Steve Coleman

Letters: Just dealing with one of the effects (1996)

Letters to the Editors from the December 1996 issue of the Socialist Standard

Just dealing with one of the effects

Dear Editors,

In his recent article ("Class, Micropolitics and Solidarity", October Socialist Standard), Jonathan Clay talks about the action in which four of us disarmed a Hawk attack plane destined for Indonesia. He states that this action was "inspired, but ultimately doomed”, and says that no doubt we realised this all along. I object most strongly to what was one of the most successful anti-arms trade actions ever being dismissed as "doomed”. Nine months after we disarmed that particular plane, it is still in England. It was due to be sent months ago to a counter-insurgency squadron in Indonesia from where it would have been used against civilians in East Timor. The many East Timorese who have written to thank us for our action certainly don’t think it was doomed.

Jonathan Clay goes on to say that our action was undertaken to publicise the situation in East Timor, and that the jury ignored the law in acquitting us. Had he taken the slighted trouble to get his facts right, he would have found that we had a defence in law—that of using reasonable force to prevent crime, a defence under the Criminal Law Act 1967. We did not undertake this action as a publicity stunt—who would risk ten years in prison for publicity? The judge allowed our defence to be put to the jury, who acquitted us on that basis. To suggest that the jury ignored the law is insulting to them and does nothing to help people understand that this kind of action can in certain circumstances be legal. I wonder what actions Jonathan Clay has undertaken to uphold justice and international law—or is he just an armchair activist whose only contribution is to make ill-founded criticisms of other people’s actions?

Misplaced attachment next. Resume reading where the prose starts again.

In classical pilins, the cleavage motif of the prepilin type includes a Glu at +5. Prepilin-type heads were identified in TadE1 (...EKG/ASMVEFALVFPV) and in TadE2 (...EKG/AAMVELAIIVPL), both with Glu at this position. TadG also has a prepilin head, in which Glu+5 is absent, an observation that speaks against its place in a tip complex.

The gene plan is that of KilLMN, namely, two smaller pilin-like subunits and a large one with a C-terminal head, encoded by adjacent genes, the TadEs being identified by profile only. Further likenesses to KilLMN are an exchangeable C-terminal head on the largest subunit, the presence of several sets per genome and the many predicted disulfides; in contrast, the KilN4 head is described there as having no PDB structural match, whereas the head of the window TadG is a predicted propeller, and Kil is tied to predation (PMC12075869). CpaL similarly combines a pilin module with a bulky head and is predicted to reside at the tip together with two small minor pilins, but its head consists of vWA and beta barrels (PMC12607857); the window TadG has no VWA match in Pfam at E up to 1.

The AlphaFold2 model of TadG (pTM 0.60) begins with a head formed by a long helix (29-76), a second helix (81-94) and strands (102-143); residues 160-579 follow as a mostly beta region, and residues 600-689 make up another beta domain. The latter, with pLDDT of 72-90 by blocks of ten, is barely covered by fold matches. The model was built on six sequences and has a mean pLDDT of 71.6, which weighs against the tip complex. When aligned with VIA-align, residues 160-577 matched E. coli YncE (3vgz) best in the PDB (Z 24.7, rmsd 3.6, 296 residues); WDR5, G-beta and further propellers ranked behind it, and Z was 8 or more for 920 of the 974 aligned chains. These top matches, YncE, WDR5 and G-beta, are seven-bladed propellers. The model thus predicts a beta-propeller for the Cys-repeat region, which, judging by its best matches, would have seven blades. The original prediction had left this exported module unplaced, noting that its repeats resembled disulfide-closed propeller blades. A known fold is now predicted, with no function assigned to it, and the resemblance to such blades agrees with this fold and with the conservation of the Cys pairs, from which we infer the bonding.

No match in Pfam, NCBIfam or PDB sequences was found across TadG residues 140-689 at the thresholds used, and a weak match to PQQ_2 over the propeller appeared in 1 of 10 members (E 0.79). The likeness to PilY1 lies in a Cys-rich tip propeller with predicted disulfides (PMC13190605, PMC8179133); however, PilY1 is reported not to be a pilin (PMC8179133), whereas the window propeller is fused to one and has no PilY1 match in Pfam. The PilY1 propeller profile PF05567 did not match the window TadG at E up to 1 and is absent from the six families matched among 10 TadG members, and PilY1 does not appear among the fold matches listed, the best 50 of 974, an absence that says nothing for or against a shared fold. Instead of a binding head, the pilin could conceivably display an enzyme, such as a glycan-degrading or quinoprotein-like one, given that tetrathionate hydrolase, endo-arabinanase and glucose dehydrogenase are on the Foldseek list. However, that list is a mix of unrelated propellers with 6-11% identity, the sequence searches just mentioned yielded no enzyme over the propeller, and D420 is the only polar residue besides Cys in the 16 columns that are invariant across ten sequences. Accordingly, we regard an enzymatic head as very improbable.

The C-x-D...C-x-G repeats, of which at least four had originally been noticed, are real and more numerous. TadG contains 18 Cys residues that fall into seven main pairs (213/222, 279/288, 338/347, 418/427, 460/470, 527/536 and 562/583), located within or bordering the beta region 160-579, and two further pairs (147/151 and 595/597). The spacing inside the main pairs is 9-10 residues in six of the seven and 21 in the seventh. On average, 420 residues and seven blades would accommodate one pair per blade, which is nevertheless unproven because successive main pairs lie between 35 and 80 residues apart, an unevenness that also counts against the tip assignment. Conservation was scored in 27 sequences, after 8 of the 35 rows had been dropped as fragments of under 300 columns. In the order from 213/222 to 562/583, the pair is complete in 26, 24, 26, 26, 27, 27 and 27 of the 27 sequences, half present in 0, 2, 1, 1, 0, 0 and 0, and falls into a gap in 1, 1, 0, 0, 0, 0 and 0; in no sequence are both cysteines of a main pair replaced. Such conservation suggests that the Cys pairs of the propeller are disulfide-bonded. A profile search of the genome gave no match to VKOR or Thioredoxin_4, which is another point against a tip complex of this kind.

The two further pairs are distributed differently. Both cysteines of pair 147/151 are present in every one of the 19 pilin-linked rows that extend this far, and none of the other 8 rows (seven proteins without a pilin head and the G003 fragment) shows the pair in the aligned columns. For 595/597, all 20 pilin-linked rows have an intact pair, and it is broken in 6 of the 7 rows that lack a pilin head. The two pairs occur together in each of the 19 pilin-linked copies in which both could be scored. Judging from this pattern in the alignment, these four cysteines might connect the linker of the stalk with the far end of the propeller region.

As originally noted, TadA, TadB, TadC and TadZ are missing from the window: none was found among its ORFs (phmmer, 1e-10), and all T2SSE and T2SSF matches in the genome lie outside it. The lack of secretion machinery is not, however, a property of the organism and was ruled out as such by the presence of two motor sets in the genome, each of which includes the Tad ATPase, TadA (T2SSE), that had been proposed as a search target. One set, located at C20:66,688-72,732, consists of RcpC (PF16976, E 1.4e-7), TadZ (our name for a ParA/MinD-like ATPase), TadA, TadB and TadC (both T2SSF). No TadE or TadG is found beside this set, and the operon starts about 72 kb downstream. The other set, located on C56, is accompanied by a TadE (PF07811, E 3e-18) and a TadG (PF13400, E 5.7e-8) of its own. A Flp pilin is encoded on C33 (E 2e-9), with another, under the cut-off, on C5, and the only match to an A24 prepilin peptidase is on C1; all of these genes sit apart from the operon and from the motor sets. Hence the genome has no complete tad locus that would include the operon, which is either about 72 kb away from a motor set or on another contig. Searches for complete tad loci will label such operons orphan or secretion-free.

Seeds of Hope—East Timor Ploughshares

When we said that your action was “ultimately doomed" we meant that it would fail to prevent the Indonesian military getting their attack planes in the end (that's what ultimately means). The most that you could achieve was what you did achieve—to delay delivery and to gain publicity for your cause. We assumed you realised this but if you really expected to stop delivery altogether we misjudged your level of understanding of existing political realities.

Are you holier than us? Probably, but then we don’t share your belief in the efficacy of the law to improve things. In fact, for us, the law is a reflection of private property and profit-motivated society and exists to uphold it. But it is precisely this society—capitalism—with its built-in competitive struggle between states for sources of raw materials, investment outlets, trade routes, markets and strategic positions to control these, which is the root cause of situations like that in East Timor.